Mad Men 6-7

This is the story. Of two advertising agencies. Picked to share an office. Work together and have their lives intertwine. To find out what happens when people stop being polite. And start trying to being creative.

Or something like that.

There’s always that uncomfortable period when strangers become bedfellows. That’s what Ted Chaough (Kevin Rahm) and the people of CGC learn when they move into their new digs with Don Draper (Jon Hamm) and the folks of Sterling Cooper Draper Pryce in this week’s Mad Men episode, “Man With a Plan”.

With the move comes the usual culture clashes – new protocols, different working styles and more awkward, frigid exchanges than a refrigerator repair school prom. It also brings with it the usual neurosis among those who feel their positions in the pecking order being threatened.

Such worries don’t belong to Don Draper, at least on the surface. But a look below the surface finds Don realizing that the younger man is potentially a menace to his alpha dog standing. As such, he responds by passive-aggressively challenges Ted to measure … (ahem!) skills. Skills that come in the shape of a spirits bottle. Skills that Ted hasn’t honed well enough to compete.

He also uses that testosterone boost to treat Sylvia Rosen (Linda Cardellini) as his concubine while she stews after a shouting match with the good doctor. That’s all fun and games until someone’s feelings get hurt. You just never expect those feelings to belong to Don.

You never expect the gut punch to come from Ted, who one-ups Don by flying the pair of them over stormy skies and to a meeting to soothe the nerves of an agitated client. Or from the same Sylvia who feared falling for the dapper Draper.

But the one-two punch comes in quick succession – the latter blow flooring Don after Sylvia rejects his advances, offers him her pity and reminds them of their common guilt. And like a vanquished fighter, Don is left without any of his faculties. When he sits down to listen to Megan (Jessica Paré) tell him about her latest travails, he might as well be listening to one of Charlie Brown’s elders. By the time the rest of the nation finds out about Robert Kennedy’s assassination, Don’s anguish is for his own situation, rather than the country’s.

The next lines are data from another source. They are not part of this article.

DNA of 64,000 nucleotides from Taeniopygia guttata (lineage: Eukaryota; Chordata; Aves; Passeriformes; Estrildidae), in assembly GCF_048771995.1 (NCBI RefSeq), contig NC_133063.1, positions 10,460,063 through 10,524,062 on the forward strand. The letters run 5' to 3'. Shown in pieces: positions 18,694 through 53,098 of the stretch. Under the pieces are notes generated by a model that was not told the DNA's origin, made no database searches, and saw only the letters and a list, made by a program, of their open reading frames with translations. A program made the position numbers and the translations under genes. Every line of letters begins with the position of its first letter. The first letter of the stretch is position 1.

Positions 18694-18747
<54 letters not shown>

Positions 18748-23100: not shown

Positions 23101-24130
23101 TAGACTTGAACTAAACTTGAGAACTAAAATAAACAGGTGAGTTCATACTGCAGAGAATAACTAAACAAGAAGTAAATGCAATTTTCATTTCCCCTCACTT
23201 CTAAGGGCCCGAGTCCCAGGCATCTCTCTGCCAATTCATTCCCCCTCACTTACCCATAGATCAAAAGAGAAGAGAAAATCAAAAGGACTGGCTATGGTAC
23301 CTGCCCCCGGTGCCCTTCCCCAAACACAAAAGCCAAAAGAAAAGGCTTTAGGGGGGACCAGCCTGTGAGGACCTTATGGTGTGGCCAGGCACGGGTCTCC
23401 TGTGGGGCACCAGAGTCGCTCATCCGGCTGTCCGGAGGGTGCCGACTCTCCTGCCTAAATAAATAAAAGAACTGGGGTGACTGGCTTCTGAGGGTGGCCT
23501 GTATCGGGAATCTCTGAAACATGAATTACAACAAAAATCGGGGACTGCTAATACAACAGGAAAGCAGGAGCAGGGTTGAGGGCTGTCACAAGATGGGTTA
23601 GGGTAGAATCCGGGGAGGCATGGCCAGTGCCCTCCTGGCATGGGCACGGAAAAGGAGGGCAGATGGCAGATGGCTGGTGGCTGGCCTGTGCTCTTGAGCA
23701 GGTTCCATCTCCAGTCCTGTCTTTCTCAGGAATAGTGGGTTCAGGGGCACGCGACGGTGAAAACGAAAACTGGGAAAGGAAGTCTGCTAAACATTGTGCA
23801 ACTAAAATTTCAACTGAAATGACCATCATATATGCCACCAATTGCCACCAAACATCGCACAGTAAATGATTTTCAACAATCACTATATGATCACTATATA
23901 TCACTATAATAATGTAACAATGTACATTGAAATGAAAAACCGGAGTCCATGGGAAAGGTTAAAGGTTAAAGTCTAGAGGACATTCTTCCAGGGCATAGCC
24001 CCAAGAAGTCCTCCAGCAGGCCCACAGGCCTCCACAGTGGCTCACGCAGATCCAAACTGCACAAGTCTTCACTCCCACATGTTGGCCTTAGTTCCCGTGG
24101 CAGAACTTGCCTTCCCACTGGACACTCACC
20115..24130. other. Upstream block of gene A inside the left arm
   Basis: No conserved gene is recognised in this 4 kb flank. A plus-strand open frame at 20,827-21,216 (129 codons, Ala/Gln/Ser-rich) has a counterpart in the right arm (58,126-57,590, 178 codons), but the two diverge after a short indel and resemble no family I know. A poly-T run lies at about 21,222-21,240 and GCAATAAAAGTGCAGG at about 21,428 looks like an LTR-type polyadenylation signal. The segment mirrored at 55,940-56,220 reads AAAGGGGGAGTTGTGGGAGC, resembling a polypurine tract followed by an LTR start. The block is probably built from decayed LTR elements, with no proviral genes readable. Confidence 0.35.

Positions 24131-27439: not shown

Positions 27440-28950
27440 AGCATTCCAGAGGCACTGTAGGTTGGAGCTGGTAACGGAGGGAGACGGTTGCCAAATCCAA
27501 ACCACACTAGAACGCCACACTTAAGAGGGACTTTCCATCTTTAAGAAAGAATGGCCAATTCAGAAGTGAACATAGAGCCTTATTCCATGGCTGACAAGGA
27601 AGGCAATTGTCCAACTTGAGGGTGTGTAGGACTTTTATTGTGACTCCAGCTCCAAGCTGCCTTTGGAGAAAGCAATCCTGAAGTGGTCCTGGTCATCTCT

Don Draper has always been a man in control. He’s been more than just the center of his universe, he’s been the center of the universe. So what does that man do when he starts to realize that things no longer pivot around him? All season long, Don has gone from being the person that no one can live without to being the talented, but tormented soul who isn’t quite as potent as he once was. His children are starting to live without him, his co-workers aren’t nearly as intimidated by him. And his mistresses have decided there’s something better at home.

This is a crossroads the type of which Don hasn’t encountered since Season 3’s “Shut the Door. Have a Seat.” But the writing has been on the wall for weeks. In the past, he has shone brightly in times of crisis. Yet, you have to wonder how many more times he can stand and deliver in the face of personal misfortune. Welcome to the really real world.

Mad Minutes

  • Speaking of people dealing with the real world, Pete Campbell’s (Vincent Kartheiser) impending implosion is gaining steam. This week, his mother’s dementia added a new level of stress to his life. Not only does his brother refuse to bail him out over their mother’s care, but she seems to have caught on to her son’s marital strife. His cruel scheme to scare her into staying in the apartment might have been mildly amusing, but it’s certain to boomerang back on him.
  • I’ve been very happy to see Peggy (Elisabeth Moss) finally get her due, but she was feeling her oats a little too much this week. It’s one thing for her to wish that Ted’s fastidious process would rub off on Don. It’s a completely different thing to believe that the merger was an elaborate ruse to get her back under Draper’s thumb. However, it did allow us to see the abrasive Olson-Draper dynamic.
  • Bob Benson (James Wolk) has been trying to make a connection with one of the higher-ups around SCDP for the entirety of the season. But like any attempts to make a connection, it’s always better to be yourself. His attempts to brown-nose have generally been failures. Yet when he genuinely goes out of his way to help Joan (Christina Hendricks), he makes a new ally. You also wonder if he might have awakened her inner cougar. Certainly Joan’s mother hopes so.
  • Roger Bleeping Sterling (John Slattery). Every so often, we get blessed with one of his “I don’t give a #*$&” moments. This latest one involved the second firing of Burt Peterson. Could it come back to bite Roger? Probably. But it was a lot of fun to watch. The only thing that would have made it better would have been if Roger had a drink in his hand.